This 60-Minutes story makes it clear that removal of the four lower Snake River dams makes fiscal sense to the American tax-payer. As an oceanographer, however, I’m intrigued with how little seems to be known about how the salmon fare in the ocean. Along with the dams, land-use, and pollution, the other major potential impacts on salmon survival are marine: fishing and other oceanic variability.
A comment on the story caught my attention, for it suggested comparing run dynamics on dam-free rivers as a way to assess the importance of the marine impacts. Now I wish such a comparison was readily available to me… I’ll start searching! Holler if you know of one.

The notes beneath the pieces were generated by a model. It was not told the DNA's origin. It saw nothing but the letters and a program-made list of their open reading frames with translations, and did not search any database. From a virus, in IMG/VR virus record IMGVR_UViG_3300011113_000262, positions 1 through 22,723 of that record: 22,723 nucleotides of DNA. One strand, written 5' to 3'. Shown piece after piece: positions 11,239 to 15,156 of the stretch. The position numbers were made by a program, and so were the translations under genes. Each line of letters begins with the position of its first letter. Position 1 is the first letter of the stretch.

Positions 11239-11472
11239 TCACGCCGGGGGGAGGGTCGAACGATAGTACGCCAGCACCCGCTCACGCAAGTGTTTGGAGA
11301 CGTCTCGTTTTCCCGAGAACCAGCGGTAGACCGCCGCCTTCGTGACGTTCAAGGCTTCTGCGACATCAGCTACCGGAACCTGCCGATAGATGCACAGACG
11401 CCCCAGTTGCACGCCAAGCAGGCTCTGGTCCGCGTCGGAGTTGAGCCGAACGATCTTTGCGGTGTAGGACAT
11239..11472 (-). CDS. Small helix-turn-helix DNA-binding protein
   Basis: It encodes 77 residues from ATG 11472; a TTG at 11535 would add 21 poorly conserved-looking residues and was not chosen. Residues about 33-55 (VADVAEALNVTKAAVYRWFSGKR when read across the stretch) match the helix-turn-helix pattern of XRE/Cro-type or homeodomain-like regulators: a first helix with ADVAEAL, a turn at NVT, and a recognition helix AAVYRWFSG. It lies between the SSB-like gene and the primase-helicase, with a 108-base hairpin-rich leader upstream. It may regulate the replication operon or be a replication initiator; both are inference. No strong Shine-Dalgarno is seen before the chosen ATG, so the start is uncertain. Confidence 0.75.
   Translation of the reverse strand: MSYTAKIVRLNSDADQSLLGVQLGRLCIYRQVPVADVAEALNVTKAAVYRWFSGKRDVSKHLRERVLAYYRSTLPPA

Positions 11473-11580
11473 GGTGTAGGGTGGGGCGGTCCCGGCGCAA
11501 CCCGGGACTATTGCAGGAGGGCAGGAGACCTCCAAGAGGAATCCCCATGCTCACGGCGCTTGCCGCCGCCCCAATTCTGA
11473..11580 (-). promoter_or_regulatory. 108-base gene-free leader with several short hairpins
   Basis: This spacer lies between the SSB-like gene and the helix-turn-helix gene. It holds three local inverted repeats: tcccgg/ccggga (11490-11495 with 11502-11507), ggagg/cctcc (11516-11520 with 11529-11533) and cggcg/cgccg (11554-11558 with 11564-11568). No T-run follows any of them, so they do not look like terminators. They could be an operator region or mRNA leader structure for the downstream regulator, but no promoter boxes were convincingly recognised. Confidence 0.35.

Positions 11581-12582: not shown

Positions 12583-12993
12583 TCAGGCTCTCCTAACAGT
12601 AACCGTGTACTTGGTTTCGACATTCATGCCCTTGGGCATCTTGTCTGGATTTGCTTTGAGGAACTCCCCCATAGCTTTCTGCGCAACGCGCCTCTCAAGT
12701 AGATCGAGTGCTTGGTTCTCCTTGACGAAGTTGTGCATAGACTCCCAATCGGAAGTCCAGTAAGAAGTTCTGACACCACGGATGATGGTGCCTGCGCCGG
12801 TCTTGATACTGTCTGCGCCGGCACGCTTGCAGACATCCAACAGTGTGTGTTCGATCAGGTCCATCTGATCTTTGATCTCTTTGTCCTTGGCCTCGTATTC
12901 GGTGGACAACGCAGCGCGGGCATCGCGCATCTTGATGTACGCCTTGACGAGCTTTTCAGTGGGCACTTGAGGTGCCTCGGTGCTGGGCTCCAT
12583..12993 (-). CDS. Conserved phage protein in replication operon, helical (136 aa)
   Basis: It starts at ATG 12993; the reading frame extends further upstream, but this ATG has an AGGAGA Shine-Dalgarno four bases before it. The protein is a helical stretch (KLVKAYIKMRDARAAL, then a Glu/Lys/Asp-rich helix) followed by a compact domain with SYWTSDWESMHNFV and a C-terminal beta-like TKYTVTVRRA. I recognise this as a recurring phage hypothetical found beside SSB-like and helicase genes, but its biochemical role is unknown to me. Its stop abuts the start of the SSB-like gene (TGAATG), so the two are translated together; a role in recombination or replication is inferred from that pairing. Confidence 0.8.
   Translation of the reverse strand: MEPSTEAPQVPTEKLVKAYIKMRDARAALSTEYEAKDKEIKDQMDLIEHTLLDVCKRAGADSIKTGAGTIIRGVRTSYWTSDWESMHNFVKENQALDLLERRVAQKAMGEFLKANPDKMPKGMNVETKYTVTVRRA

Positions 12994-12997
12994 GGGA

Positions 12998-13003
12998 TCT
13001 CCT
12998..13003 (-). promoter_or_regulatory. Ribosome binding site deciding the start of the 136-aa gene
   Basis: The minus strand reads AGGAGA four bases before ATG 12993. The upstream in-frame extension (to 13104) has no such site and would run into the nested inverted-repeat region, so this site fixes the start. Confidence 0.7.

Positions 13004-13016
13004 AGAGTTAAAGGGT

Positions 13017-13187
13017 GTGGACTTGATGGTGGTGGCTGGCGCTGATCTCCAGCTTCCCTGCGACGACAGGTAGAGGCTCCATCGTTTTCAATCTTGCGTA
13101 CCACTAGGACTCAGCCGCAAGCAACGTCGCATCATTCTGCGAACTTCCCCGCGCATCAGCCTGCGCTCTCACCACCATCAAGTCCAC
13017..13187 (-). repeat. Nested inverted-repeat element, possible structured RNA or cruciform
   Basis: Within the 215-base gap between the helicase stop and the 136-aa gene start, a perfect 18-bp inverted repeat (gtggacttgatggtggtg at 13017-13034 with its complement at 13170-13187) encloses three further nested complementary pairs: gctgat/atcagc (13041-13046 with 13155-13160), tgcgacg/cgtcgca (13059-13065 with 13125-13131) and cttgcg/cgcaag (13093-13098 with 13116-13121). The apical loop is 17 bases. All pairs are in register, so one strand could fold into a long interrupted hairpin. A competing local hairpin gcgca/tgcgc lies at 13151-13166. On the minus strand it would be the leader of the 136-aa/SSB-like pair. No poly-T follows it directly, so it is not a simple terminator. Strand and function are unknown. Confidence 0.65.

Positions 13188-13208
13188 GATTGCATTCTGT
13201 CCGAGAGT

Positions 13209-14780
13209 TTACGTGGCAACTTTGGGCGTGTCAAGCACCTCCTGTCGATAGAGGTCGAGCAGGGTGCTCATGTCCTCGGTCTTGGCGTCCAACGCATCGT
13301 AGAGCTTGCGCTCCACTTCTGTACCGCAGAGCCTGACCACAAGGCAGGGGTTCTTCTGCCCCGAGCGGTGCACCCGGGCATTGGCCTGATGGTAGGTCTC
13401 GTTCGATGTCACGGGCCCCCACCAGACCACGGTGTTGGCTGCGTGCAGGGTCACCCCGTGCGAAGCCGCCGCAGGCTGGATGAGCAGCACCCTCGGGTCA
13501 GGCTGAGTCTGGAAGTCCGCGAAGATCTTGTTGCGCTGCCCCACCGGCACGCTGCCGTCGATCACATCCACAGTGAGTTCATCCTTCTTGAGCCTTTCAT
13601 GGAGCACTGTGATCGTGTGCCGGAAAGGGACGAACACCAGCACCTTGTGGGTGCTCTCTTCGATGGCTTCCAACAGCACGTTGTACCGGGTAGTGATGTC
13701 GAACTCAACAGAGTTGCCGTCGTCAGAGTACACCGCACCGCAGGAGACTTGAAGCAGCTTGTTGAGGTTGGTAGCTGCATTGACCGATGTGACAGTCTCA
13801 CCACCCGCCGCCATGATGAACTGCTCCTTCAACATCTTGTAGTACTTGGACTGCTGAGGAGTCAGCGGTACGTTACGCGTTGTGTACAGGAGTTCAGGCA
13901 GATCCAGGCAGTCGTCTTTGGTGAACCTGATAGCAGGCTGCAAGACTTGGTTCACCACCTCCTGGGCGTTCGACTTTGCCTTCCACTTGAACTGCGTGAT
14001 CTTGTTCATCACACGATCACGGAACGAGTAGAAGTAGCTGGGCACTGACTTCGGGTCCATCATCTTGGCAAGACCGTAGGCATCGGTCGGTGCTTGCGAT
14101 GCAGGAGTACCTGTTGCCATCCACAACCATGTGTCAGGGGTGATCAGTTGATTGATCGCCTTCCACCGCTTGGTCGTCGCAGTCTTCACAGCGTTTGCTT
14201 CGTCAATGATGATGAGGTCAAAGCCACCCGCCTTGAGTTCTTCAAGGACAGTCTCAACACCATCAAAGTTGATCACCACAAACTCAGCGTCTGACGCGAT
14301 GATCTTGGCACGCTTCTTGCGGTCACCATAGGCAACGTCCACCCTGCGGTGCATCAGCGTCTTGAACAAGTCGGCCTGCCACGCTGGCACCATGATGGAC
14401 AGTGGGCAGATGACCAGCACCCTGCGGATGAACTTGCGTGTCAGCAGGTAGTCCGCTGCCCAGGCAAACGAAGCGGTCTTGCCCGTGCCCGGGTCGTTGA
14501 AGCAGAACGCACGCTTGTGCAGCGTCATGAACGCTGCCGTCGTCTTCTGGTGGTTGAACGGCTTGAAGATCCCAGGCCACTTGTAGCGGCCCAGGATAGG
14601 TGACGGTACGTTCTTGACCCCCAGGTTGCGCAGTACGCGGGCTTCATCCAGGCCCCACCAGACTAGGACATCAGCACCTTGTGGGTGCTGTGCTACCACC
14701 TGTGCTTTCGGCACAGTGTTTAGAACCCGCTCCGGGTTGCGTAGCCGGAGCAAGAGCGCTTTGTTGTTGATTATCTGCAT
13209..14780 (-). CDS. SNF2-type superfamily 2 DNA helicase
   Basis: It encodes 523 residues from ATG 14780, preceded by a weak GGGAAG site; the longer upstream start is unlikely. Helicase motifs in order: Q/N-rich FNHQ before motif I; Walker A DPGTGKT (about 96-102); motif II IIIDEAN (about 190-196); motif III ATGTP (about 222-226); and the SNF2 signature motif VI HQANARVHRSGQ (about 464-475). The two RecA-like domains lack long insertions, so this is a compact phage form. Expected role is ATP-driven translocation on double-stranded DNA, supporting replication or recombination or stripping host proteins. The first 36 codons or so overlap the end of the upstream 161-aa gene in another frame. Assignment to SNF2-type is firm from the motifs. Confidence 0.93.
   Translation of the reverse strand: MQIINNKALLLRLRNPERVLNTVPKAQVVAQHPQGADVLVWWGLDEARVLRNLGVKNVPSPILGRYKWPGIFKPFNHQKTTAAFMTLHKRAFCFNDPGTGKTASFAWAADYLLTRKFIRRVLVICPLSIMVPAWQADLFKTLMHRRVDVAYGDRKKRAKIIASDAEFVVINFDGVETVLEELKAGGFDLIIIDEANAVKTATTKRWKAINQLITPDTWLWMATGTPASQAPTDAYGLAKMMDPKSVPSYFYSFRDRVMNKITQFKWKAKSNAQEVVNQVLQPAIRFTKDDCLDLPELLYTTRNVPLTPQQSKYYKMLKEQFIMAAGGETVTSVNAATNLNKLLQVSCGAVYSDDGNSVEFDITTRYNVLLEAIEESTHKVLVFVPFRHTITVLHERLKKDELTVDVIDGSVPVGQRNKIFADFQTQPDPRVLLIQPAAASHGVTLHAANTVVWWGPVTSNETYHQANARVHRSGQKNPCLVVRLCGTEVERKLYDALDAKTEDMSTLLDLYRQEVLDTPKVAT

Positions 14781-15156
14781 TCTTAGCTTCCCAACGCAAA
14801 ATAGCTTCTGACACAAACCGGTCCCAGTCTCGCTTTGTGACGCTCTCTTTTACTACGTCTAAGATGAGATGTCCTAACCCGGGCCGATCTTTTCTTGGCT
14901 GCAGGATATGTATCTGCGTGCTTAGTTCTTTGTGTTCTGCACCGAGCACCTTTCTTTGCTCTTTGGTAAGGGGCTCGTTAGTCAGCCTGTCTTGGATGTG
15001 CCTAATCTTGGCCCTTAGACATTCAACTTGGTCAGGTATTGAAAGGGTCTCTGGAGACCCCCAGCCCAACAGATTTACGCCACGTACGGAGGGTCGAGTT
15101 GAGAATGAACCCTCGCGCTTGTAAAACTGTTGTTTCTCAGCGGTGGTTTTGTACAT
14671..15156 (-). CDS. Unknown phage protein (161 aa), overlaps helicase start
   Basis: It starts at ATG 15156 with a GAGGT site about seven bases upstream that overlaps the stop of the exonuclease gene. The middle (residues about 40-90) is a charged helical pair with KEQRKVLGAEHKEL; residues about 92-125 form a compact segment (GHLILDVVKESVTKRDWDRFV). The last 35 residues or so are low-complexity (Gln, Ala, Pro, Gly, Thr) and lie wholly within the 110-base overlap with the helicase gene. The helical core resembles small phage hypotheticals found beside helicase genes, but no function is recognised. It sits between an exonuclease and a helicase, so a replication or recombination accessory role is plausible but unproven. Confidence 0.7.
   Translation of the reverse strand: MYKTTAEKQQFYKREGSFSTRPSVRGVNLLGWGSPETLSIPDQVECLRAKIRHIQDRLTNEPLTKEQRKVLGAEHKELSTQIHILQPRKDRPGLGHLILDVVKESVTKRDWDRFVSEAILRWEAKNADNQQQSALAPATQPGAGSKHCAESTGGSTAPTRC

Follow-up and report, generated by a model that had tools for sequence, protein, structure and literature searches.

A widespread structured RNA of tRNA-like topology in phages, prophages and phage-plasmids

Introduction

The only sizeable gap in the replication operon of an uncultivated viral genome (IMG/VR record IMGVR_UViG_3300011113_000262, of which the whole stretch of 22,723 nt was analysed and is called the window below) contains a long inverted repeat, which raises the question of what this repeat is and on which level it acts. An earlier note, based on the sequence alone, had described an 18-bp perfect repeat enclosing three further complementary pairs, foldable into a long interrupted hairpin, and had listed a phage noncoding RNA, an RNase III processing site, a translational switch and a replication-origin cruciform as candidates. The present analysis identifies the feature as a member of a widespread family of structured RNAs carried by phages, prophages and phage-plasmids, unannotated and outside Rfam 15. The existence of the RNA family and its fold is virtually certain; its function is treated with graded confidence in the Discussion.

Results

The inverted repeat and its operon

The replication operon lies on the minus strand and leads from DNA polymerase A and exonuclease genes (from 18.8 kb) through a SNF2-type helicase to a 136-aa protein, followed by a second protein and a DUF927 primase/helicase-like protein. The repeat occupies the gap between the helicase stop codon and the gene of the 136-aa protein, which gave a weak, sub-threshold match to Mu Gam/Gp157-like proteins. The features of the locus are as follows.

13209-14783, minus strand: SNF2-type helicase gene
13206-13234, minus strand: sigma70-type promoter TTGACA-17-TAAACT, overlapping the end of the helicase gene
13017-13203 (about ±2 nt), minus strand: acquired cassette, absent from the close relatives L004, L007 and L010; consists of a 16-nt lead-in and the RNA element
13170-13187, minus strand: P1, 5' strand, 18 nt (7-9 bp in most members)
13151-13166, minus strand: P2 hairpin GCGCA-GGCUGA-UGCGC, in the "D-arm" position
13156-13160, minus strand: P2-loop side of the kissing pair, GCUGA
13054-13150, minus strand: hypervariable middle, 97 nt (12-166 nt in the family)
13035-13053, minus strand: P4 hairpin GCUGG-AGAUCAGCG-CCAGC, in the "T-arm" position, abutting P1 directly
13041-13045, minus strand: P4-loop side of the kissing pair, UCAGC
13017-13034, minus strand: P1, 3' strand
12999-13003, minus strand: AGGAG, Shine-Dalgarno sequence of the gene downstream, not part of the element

Another approach would be to juxtapose the Snake River returns with some independent measures of oceanic conditions that prevailed when the returning fish inhabited the ocean. Station Papa in the mid-northeast-pacific would be a good place to start. More-coastal buoys and transects could ensure that spatial heterogeneity isn’t an issue. Of course, this begs the question of where Columbia basin salmon go in the sea. With that pinned down we could attempt population assessments in situ (hydroacoustic surveys?) to assess mortality along migration pathways, and finally overlay commercial catch data and geography to see if harvest matters for particular salmonids.